Collection evaluation is one example of how libraries are contextualizing the data they collect. Libraries assess the collections they develop to ensure materials are meeting the research needs of university members, contain journals required by program accreditation standards, and are readily accessible when users need them. These assessments inform budgeting and acquisition decisions. To answer these questions, libraries may not only review the nature of items (subjects, formats, publication dates) and their use (circulation and renewal, article database searches); they may also compare the materials in their collections with those of peer institutions and, in the case of journals, against the impact factor of other journals within a particular discipline. Newly developed collection review products expedite this contextualization process. These products include Ulrich’s Serials Analysis System and Thompson’s Journal Citation Reports for journals and OCLC’s WorldCat Collection Analysis for monographs. It is difficult to capture how well collections are meeting the university community’s research needs. One of the ways libraries approach this question is by tracking how many items (and of what type) are requested via interlibrary loan to capture items not in the collection needed by researchers. Libraries also utilize customer feedback forms and surveys to find out how library users feel the collections are meeting their needs. The data with which collections are assessed go beyond numerical values when statistics are placed in context and qualitative methods are used to enhance collection evaluation.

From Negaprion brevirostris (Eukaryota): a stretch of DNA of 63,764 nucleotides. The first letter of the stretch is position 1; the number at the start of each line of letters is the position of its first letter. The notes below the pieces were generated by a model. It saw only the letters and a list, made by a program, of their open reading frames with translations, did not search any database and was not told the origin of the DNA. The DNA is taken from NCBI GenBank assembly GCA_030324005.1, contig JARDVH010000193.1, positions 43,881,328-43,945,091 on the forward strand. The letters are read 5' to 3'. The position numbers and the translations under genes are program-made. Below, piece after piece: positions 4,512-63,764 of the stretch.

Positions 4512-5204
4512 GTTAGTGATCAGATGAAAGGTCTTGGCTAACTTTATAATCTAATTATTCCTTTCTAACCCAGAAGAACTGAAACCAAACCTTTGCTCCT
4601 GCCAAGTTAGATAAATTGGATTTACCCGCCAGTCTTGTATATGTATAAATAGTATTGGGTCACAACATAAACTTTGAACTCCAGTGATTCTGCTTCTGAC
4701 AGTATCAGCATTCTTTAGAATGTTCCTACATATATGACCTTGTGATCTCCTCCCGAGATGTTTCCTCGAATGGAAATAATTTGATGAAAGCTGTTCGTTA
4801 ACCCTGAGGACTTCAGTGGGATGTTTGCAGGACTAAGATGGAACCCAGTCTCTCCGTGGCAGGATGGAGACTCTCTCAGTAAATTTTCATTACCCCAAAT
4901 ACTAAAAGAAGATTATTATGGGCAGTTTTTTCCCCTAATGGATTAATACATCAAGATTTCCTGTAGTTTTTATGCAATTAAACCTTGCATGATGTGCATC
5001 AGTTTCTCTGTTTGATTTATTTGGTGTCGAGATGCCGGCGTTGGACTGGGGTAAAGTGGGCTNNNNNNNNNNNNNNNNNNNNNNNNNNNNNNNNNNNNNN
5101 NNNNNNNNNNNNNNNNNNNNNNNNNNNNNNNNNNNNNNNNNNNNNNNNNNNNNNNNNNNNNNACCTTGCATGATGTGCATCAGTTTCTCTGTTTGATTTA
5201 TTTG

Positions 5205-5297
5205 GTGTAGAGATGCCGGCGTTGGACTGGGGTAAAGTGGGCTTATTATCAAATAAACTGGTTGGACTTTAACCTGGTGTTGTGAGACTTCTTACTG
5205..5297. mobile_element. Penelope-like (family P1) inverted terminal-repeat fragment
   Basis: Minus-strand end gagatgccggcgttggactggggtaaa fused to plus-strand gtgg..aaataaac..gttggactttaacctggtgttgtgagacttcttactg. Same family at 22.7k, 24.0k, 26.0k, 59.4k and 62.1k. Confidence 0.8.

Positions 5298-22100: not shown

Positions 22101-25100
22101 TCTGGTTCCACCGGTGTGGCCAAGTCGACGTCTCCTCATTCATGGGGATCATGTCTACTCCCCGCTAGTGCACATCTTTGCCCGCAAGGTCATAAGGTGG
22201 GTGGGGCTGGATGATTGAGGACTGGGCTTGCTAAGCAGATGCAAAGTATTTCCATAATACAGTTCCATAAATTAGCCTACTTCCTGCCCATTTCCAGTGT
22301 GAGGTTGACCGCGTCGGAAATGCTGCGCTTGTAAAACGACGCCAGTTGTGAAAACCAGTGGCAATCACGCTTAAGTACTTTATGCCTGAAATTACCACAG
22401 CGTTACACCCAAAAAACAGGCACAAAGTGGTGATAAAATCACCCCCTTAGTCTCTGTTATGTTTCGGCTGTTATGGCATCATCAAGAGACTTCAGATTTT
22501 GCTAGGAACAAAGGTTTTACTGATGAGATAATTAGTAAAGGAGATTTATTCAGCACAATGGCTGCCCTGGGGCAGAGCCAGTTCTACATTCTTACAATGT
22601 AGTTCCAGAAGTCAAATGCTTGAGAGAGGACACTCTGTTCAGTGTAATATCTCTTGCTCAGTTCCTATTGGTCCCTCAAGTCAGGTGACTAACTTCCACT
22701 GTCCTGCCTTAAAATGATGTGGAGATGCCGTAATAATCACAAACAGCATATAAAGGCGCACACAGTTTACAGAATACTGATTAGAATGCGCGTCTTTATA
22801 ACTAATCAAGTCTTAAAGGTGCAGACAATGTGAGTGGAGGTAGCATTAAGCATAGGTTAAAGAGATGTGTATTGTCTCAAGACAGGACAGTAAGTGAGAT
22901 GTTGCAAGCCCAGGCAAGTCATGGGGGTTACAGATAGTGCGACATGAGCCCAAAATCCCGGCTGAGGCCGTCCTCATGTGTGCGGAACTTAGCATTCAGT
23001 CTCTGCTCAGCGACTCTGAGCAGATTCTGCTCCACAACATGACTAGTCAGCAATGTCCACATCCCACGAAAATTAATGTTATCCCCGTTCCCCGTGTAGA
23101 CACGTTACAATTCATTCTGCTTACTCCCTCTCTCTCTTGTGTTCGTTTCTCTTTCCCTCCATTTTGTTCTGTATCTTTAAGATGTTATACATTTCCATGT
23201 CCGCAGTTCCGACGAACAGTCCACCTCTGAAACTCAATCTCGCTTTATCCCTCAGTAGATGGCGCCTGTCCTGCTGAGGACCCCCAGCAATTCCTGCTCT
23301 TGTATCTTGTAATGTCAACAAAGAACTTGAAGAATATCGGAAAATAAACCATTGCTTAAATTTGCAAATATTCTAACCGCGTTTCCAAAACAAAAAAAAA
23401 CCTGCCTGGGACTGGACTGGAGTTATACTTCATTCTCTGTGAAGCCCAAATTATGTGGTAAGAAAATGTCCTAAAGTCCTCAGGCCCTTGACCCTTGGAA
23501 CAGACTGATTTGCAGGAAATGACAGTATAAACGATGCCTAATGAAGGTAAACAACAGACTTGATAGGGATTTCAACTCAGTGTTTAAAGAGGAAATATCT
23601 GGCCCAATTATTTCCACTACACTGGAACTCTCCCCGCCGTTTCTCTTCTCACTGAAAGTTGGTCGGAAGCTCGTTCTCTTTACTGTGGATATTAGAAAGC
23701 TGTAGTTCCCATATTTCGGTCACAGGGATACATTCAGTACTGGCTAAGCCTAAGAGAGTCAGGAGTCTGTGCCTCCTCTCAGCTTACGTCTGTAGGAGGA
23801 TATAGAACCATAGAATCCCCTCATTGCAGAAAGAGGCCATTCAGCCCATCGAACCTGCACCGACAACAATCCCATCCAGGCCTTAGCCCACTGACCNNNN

A survey on service quality sponsored by the Association of Research Libraries (ARL) and administered by participating libraries, LibQUAL+™, captures library user’s perceptions of library services against their minimum expectations and desired service levels. The survey asks participants to rate how well the print and electronic resources libraries own and subscribe to meet their research needs, among other information access, physical library and service questions. Surveys, like LibQUAL+™, are a prime example of how the assessment process in libraries has come to listen to users. According to the LibQUAL+™ Policies and Procedures Manual, by involving library users’ perspectives in assessment, the users will benefit because libraries “can develop services that better meet [their] users’ expectations by comparing [their] library’s data with that of peer institutions and examining the practices of those libraries that are evaluated highly by their users” (2006, pp. 11-12). In tandem with the survey method, libraries may continue to collect statistics on how many people use the building and at what hours, to determine if the library is providing adequate service hours. They may also tally the number and type of reference questions asked at the reference desk, to determine how many people request assistance and what type of assistance is needed, to inform staffing decisions and training needs.